Figure 4
 
Parameter correlations. The estimated values for each of the peak gain γmax, the peak spatial frequency fmax, and the cutoff spatial frequency fc are correlated in the three pairs: (1) BY versus RG (left column); (2) RG versus Ach (middle column); and (3) Ach versus BY (right column). On the right side of each panel is plotted the distribution of the estimated values of the parameter represented in ordinates. Statistics of the model parameter distributions are given in the Table.
To further explore the relationship among the Ach, RG, and BY CSFs, we investigated the correlation between the tuning of their functions, represented by the peak gain γmax, peak frequency fmax, and cutoff frequency fc parameters. Figure 4 plots the correlation of each parameter (rows) in the three different pairs of comparisons (columns). 
For the BY versus RG comparison (left column, Fig. 4), each of the three parameter estimates (γmax, fmax, and fc) are significantly correlated between the RG and BY conditions (γmax: R2 = 0.204, P = 0.001; fmax: R2 = 0.194, P = 0.001; fc: R2 = 0.107, P = 0.019). Interestingly, this finding reveals a potential dependency between the RG and BY cone-opponent mechanisms. 
For the RG versus Ach comparison (middle column, Fig. 4), the peak gain parameter γmax only reveals a potential correlation between the RG and BY conditions (γmax: R2 = 0.129, P = 0.010). However, this effect is mainly due to one outlier subject with a very high achromatic sensitivity (S34, in the top right of the panel, see individual data in Fig. 3). Without this outlier, the coefficient of correlation R2 for the peak gain between the RG and Ach conditions drops to 0.086 (P = 0.039). In comparison, the other two parameters show no significant correlation between the conditions (fmax: R2 = 0.001, P = 0.860; fc: R2 = 0.000, P = 0.886). 
For the Ach versus BY comparison (right column, Fig. 4), each of the three parameters reveals no correlation between the conditions (γmax: R2 = 0.058, P = 0.089; fmax: R2 = 0.002, P = 0.768; fc: R2 = 0.014, P = 0.400). In addition, without the outlier subject (S34, in the top right of the panel) for the peak gain parameter, the coefficient of correlation R2 between the Ach and BY conditions drops to 0.022 (P = 0.303).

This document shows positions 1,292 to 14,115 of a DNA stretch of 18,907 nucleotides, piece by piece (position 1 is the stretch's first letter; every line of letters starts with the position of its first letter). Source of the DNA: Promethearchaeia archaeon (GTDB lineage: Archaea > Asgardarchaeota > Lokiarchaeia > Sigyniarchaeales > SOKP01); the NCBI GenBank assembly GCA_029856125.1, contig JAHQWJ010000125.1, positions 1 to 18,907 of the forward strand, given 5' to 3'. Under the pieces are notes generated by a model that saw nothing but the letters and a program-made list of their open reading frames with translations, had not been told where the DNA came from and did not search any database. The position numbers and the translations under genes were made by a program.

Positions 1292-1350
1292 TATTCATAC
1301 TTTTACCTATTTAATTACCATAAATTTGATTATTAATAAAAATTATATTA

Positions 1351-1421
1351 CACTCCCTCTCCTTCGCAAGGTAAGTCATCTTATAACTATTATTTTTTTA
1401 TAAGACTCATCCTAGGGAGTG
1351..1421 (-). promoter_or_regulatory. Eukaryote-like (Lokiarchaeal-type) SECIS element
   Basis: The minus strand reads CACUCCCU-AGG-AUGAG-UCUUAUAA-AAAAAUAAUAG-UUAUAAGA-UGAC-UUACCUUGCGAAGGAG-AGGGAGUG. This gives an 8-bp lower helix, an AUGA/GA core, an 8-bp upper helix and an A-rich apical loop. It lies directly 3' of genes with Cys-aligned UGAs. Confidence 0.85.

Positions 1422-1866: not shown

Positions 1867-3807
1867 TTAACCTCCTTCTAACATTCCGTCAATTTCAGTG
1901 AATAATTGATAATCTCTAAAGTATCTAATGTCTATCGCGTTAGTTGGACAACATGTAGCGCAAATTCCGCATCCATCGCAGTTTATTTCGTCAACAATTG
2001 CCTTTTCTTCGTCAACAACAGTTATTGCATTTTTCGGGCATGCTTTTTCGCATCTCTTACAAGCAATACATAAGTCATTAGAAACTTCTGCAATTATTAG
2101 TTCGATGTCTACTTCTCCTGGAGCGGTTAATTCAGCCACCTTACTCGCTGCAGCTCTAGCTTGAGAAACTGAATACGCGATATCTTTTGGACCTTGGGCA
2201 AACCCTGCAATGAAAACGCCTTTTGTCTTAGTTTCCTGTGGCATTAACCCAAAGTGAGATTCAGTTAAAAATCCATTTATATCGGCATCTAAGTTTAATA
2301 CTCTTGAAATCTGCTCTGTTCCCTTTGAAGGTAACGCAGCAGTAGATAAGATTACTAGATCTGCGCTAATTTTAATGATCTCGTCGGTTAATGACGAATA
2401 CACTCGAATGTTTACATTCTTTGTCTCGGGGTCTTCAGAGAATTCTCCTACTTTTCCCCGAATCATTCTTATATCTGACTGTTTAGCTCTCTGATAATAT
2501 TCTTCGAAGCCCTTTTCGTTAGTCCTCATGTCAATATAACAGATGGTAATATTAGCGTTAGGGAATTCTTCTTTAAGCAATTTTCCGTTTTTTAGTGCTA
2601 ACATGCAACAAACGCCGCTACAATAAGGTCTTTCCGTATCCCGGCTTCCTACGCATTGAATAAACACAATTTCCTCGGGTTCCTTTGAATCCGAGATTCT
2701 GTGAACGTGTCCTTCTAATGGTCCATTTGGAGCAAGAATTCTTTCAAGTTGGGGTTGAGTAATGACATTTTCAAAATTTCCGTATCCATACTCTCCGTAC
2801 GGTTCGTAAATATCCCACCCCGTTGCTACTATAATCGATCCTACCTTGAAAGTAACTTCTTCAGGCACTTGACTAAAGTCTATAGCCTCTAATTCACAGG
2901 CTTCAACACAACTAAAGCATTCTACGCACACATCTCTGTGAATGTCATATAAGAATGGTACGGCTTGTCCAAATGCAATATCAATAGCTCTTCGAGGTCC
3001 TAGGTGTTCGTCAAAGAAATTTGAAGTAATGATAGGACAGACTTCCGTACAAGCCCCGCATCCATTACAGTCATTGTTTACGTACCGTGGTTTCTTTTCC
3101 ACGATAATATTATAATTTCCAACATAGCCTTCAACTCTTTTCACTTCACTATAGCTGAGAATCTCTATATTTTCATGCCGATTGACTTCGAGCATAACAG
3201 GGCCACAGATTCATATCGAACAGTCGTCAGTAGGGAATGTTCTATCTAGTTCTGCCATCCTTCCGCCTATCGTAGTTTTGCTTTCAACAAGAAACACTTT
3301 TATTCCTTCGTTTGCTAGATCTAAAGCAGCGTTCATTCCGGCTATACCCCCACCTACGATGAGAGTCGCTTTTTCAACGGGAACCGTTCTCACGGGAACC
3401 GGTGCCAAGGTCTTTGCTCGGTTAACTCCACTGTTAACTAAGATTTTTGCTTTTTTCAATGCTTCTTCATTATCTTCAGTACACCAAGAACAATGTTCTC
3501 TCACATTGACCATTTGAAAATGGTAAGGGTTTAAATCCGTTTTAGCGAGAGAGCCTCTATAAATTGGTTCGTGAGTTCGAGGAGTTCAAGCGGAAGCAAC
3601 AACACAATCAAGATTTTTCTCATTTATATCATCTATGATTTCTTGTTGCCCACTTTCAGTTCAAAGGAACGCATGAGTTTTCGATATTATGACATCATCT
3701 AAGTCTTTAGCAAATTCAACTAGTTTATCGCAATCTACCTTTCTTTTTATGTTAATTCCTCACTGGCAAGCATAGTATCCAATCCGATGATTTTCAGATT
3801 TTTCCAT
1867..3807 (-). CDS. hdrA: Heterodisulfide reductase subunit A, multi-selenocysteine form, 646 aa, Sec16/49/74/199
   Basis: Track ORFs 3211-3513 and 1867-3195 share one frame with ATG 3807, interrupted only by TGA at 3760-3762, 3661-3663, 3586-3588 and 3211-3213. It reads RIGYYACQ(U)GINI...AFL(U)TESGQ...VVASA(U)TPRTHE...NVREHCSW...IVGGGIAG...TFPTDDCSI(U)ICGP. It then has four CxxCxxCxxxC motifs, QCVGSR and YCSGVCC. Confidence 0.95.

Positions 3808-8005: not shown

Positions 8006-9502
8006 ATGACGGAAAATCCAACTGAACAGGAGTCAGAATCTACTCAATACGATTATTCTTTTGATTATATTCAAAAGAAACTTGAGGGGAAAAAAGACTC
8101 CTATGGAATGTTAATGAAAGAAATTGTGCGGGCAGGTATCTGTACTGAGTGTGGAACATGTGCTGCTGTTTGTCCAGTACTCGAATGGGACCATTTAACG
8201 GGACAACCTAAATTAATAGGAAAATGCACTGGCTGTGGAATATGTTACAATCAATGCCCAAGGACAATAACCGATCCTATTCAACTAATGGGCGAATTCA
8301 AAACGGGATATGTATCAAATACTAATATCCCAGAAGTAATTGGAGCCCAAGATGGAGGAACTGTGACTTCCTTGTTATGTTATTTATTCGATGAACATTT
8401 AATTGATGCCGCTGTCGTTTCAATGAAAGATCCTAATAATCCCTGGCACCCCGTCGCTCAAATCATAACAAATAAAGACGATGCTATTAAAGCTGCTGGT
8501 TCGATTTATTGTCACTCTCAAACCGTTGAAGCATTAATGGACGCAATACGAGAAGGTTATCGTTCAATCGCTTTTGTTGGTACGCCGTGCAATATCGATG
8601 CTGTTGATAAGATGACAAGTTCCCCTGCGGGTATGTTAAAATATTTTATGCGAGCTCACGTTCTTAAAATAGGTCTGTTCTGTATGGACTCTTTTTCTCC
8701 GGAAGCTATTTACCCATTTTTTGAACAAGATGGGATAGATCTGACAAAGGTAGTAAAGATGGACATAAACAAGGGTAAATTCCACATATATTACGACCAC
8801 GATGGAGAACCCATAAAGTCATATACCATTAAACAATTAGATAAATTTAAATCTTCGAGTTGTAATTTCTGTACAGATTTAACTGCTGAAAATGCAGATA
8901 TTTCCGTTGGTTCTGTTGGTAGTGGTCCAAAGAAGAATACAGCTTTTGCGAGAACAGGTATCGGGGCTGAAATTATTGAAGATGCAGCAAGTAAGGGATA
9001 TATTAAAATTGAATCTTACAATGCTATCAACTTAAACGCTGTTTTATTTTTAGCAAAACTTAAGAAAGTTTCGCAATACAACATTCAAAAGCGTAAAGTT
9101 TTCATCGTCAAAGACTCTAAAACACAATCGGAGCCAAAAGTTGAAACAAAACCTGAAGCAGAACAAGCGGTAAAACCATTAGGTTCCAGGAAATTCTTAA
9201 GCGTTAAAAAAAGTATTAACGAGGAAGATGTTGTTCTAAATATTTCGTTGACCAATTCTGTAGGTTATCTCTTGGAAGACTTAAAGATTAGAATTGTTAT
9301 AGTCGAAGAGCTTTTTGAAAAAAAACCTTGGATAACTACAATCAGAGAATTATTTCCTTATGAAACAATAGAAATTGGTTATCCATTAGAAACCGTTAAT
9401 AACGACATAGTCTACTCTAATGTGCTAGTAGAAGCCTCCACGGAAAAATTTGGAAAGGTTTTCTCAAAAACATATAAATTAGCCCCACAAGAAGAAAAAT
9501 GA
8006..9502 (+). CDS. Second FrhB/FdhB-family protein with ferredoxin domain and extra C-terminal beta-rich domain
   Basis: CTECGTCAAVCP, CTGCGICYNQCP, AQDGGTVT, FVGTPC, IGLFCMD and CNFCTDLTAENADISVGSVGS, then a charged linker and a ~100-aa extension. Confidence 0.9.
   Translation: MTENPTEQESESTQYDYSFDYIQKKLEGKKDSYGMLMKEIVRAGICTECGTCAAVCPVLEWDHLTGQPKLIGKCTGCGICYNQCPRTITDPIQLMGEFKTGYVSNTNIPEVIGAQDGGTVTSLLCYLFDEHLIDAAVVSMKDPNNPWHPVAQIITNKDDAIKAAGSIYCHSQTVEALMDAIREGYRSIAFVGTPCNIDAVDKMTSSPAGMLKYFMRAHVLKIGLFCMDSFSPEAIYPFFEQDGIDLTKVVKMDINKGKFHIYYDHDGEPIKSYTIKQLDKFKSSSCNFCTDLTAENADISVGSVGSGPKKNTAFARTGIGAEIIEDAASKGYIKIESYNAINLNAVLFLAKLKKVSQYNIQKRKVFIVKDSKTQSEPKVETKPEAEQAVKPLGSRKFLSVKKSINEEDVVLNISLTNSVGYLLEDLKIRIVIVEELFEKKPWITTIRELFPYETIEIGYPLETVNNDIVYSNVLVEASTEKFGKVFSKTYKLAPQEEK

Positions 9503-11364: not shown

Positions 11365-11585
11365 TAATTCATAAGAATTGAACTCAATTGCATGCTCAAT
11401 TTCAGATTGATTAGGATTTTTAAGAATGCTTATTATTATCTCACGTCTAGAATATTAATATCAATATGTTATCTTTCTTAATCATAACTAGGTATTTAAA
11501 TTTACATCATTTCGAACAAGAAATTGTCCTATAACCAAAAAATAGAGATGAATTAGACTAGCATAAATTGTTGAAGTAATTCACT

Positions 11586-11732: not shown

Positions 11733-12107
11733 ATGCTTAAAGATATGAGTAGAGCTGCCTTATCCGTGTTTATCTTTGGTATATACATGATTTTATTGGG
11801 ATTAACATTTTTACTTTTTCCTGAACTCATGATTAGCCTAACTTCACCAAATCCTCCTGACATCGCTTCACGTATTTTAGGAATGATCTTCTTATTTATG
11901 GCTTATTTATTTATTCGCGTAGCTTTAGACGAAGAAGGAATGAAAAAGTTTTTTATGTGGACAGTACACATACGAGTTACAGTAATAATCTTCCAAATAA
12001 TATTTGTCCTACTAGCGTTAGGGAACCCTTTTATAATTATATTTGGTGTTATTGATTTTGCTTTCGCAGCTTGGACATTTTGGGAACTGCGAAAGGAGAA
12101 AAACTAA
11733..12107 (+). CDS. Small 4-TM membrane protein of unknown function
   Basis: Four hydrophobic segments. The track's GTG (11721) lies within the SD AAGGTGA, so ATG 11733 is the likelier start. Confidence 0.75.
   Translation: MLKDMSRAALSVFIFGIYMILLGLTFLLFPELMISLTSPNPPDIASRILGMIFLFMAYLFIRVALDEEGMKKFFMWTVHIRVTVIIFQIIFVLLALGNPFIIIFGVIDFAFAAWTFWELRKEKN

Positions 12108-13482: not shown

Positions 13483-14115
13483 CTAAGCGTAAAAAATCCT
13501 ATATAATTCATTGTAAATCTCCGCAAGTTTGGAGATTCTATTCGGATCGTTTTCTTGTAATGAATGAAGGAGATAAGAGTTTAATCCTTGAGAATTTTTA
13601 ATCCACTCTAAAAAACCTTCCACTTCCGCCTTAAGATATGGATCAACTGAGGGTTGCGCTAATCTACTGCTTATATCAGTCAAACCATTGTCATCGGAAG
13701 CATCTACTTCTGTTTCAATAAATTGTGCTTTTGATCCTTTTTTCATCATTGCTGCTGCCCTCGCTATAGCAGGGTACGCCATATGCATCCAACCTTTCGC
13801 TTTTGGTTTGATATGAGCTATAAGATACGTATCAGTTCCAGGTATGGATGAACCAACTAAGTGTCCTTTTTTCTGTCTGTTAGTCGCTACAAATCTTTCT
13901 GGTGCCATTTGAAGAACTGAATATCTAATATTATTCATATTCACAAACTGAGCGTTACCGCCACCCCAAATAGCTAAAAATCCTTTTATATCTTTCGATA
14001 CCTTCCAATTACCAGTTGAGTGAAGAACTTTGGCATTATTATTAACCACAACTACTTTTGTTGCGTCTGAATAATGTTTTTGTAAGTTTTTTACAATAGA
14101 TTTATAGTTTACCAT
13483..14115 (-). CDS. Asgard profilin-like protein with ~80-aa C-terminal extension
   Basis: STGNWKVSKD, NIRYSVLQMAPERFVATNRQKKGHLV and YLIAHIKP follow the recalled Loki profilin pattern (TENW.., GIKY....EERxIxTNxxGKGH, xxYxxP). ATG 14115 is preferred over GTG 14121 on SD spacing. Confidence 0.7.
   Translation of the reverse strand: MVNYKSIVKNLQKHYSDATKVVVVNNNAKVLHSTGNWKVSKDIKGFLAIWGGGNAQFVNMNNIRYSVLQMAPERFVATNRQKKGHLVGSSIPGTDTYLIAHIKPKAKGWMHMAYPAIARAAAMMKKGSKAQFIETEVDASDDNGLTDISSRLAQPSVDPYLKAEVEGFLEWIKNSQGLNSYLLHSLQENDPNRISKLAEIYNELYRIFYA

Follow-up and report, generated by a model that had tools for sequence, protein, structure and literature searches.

In the next experiment, we evaluated binocular summation (the change in sensitivity when using two eyes as opposed to one) for a subset of 20 subjects. Figure 5a shows the measured monocular (solid line) and binocular (dotted line) CCSFs for the Ach, RG, and BY conditions (black, red, and blue lines, respectively), and Figure 5b plots the ratio of the binocular/monocular contrast sensitivities. Results show the binocular summation ratio declines with spatial frequency, with the two chromatic conditions showing a consistent decline and the Ach declining after 1 c/d. At the lowest spatial frequency (0.24 c/d), the ratio is approximately 1.8 for the achromatic and 1.9 for the BY conditions, and is approximately 2.1 for the RG condition. At the highest spatial frequency used for the two color conditions (2 c/d), the ratio drops to 1.5 for the RG and 1.6 for the BY condition, and to 1.5 for the achromatic conditions at 10 c/d. A similar trend of spatial frequency–dependent binocular summation was observed at subthreshold level31 for the RG condition, with summation ratios of 1.78 (5 dB) and 1.58 (4 dB) at low and high spatial frequency (0.375 and 1.5 c/d). respectively. However, this trend was not observed for the Ach condition, in which the ratio was 1.41 (3 dB) for both spatial frequencies. Furthermore, several other studies also have explored this issue at detection level for Ach,32 and both Ach and RG conditions31,33,34 with a low spatial frequency (0.5 c/d).